Councillors have approved new markings and signage near a Grantham village beauty spot in a bid to tackle problem parking, however, campaigners say more is needed.
Farmer Steve Elnor, along with guests at his glamping site, have frequently found their vehicles and machinery blocked by parked cars on West Street, in Barkston.
The issue has been exacerbated by the COVID-19 lockdown, which has encouraged people to go walking and discover new locations to enjoy themselves.
Councillor Ray Wootten, along with the parish council and MPs had asked for extra parking spaces to be installed after Mr Elnor found his way blocked on several occasions, and had been supported by two previous scrutiny committees.
However, Lincolnshire County Council’s Highways Scrutiny Committee on Monday instead voted to install new H Bars along the verge – despite them not being enforceable – and increase the signage at passing places to emphasise the No Parking rules.
Councillors were told that to provide extra car parking spaces would cost between £30-40,000 and was not allocated in the budget.
Even the proposed solution was too much for some, with Councillor Kevin Clarke calling it “overkill”, while Councillor Thomas Dyer and others had concerns the council would “set a precedent” for similar issues elsewhere in the county.
The latter called for more data on the issue, particularly outside of COVID-lockdown, while others raised concerns over people being injured.
Councillor Stephen Roe spoke in support of the proposals, acknowledging that it was “not just a problem since COVID, it was prior to this and COVID just made it even worse”.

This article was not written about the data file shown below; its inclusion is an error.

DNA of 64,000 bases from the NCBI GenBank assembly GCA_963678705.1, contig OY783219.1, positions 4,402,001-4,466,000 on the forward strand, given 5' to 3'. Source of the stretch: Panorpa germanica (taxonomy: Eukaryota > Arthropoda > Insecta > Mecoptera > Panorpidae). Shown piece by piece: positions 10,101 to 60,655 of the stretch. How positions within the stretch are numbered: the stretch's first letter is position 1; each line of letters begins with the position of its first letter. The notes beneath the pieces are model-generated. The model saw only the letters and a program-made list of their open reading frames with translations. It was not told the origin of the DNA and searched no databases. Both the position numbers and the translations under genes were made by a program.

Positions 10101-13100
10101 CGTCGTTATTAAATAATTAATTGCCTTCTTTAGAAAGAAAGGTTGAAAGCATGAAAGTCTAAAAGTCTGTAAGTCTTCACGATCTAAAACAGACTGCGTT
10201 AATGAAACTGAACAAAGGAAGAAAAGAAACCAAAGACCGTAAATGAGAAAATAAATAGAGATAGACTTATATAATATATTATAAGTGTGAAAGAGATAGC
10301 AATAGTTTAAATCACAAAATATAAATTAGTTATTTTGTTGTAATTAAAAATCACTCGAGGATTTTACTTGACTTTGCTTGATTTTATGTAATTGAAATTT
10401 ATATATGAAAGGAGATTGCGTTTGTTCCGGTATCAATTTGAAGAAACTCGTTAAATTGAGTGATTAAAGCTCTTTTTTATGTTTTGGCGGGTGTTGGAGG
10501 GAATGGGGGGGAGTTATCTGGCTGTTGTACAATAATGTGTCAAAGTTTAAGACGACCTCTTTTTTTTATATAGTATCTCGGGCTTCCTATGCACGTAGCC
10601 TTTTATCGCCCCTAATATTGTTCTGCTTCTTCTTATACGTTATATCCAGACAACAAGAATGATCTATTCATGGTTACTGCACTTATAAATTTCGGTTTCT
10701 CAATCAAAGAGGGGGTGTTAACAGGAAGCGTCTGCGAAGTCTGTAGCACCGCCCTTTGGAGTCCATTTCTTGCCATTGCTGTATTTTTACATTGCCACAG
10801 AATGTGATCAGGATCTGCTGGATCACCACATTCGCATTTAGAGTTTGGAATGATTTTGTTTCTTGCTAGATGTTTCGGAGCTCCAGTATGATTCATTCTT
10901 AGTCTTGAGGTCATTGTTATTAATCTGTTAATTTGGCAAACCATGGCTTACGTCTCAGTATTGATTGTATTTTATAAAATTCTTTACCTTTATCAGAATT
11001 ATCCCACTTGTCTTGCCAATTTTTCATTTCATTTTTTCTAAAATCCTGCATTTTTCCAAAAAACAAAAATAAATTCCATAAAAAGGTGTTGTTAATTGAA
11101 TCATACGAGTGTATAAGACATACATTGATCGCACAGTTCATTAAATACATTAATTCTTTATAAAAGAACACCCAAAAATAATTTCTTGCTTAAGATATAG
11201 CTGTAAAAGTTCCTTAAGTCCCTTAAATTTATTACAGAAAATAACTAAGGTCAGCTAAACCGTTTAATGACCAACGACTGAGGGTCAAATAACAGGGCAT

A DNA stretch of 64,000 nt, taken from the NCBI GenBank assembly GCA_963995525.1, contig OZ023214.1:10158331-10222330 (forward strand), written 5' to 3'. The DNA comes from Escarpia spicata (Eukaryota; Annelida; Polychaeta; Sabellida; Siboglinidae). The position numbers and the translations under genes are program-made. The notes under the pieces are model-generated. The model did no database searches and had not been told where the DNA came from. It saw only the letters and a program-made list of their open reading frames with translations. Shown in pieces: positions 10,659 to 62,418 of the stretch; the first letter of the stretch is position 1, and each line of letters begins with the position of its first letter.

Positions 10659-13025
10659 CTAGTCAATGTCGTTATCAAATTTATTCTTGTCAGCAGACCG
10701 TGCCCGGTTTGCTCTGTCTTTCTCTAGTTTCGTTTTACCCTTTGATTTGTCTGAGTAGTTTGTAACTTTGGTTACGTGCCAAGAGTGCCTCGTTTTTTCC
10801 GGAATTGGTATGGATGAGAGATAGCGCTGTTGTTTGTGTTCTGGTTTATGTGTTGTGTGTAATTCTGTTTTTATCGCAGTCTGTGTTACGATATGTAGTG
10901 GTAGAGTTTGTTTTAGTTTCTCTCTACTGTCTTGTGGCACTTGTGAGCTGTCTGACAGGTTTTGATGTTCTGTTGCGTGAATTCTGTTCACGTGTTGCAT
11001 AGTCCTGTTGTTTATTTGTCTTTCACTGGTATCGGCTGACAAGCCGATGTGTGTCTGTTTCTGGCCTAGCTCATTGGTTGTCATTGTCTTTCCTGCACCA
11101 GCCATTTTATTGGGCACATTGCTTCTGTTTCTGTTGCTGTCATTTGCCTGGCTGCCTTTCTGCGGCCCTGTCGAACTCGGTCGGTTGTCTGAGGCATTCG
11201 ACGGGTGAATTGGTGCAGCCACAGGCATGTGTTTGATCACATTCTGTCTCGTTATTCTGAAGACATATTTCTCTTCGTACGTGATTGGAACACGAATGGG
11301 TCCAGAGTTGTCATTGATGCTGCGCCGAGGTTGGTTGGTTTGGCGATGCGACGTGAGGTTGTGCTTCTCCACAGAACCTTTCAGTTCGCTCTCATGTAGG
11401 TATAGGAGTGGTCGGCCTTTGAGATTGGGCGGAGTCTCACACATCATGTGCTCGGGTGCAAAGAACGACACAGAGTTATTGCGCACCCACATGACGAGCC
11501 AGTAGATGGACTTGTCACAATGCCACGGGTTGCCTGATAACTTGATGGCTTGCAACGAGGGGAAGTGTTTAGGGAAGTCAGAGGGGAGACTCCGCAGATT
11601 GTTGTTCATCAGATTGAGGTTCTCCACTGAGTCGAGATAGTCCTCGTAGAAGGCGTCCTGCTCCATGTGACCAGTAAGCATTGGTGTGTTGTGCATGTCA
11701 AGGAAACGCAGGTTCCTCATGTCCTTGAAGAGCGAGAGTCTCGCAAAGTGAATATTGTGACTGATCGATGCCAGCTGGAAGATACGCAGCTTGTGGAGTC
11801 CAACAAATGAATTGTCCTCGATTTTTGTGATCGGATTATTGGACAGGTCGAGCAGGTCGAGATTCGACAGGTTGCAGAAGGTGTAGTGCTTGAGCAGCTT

Councillors approved the measures six votes to four.
Following the meeting Councillor Ray Wootten thanked councillors for their support but said the issue would continue until more parking was provided at the beauty spot which includes a set of stepping stones over the River Witham.
“What I [and others] wanted was extra parking spaces to cope with the increased numbers going down there due to COVID-restrictions, which although they have now ended, people will continue to go down there now they have discovered it.
“I believe that in the future I will be calling on the committee again to provide further action.”
Farmer Mr Elnor, who installed the passing places himself as part of his planning permission for his clamping site, said he understood there was not much money in the part but added: “I hoped there might be other facts or reasons to justify this being done.”
He said it was positive news people were willing to travel, by car, to the location and that they might now make it part of there longer day out, and added that the exercise people was getting would be good for their physical and mental health.
Even on Sunday, as people looked forward to restrictions lifting, he said there had been a “significant” number of people and that visitor numbers were was “a long way to go yet”.
“I don’t have a problem with people coming, using and enjoying the countryside,” he said, revealing he was even hoping to sell pumpkins to visitors this October.
“As a farmer it’s an opportunity for people to get increased appreciation of what we’re doing and get that little bit closer to farming.
“I’m not a “get off my land” merchant, I just want to be able to get past”.